For much more than a century, Major League Baseball (MLB) has been an integral part of American sports culture. The league began in the 1860s with just eight clubs and has since expanded to become a flourishing national organization. This historical background is crucial to understanding an intriguing map that shows the most popular MLB clubs on Facebook broken down by county and made in 2014. This map provides insightful information on the geographical dynamics of baseball fans in addition to illustrating the scope of MLB’s influence. The relevance of this map, the historical background of MLB’s growth, and its connections to the larger topics of cartographic rhetoric will all be covered in this article. Based on Facebook likes in 2014, the map under examination provides a unique viewpoint on the regional spread of MLB fans. It sheds light on the strength and popularity of America’s pastime by highlighting the teams that have the largest fan bases in every US county. Given their legendary past and sizable fan base, the New York Yankees’ dominance over a significant portion of the map may not come as a surprise to many. But what’s really interesting about this map isn’t only the teams who are well-known—it’s also the ones that aren’t.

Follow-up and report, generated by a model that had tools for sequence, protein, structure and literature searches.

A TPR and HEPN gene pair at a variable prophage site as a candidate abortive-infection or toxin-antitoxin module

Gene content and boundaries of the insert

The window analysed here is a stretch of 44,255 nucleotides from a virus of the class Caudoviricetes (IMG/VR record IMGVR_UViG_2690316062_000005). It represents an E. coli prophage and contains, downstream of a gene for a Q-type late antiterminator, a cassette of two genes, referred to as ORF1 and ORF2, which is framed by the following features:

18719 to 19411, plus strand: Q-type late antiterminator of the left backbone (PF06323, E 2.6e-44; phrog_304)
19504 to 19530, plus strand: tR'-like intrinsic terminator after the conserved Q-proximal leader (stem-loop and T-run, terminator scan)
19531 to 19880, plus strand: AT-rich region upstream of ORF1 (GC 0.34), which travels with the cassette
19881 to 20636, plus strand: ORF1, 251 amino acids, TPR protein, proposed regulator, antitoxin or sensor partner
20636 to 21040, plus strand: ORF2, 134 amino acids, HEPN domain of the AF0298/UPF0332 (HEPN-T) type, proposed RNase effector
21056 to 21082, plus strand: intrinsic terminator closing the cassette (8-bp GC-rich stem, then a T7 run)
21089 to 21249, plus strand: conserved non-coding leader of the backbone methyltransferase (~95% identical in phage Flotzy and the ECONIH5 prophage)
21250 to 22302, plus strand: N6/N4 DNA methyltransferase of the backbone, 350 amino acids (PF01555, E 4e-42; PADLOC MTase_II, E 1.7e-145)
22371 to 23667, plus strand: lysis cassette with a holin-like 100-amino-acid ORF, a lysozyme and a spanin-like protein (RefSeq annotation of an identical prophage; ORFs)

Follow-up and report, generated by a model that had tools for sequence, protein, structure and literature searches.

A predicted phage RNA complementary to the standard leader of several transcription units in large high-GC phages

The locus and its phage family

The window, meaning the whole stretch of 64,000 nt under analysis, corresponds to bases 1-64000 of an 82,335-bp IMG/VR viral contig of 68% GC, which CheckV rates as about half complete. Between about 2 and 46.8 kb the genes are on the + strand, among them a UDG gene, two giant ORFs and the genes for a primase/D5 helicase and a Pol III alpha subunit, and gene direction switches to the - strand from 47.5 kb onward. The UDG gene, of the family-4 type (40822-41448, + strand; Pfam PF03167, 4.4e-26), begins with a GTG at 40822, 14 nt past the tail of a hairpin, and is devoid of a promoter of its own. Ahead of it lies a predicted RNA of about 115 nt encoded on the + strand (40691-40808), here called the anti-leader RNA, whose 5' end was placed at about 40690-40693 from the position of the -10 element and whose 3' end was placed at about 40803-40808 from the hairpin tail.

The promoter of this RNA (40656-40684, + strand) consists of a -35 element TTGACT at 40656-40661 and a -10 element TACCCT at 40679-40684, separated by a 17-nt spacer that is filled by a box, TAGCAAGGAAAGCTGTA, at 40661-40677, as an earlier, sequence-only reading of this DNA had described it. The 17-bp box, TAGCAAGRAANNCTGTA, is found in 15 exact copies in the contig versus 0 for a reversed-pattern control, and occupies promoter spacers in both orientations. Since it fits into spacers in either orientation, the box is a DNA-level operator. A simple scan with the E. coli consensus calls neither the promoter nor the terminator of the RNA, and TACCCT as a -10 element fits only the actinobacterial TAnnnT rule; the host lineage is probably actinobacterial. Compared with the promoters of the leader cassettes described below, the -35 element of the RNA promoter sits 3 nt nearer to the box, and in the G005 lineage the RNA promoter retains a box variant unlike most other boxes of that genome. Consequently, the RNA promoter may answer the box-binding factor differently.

Especially notable is the lack of a majority of supporters in any U.S. county for clubs such as the Oakland Athletics, Toronto Blue Jays, or New York Mets. Understanding the historical background of MLB’s growth is essential to appreciating the relevance of the map. As previously indicated, the league’s founding consisted mostly of eight clubs from the Northeast and Midwest of the United States. MLB’s impact grew as more clubs were added in other locations, creating new fan bases and expanding the league’s reach. Thanks to this growth, baseball was able to develop into a national pastime that is dear to the hearts of Americans. It also meant that certain teams would inevitably gain greater popularity than others, and this map illustrates how that expansion turned out. It ornaments the history of Major League Baseball’s expansion and the geographic variety of its fan base, serving as a visual depiction of the sport’s cultural influence. Additionally, the omission of some teams from the distribution of the map highlights the contrast between baseball’s long-standing titans and its less significant competitors. Another idea to think about would be the popularity of each team based on another form of data rather than facebook likes. Based on attendance, the most popular baseball teams are the Dodgers, Cardinals and Yankees. However that is not concurrent with the data presented in the map above. In the context of our course themes surrounding the rhetoric of cartography, this map offers several insights.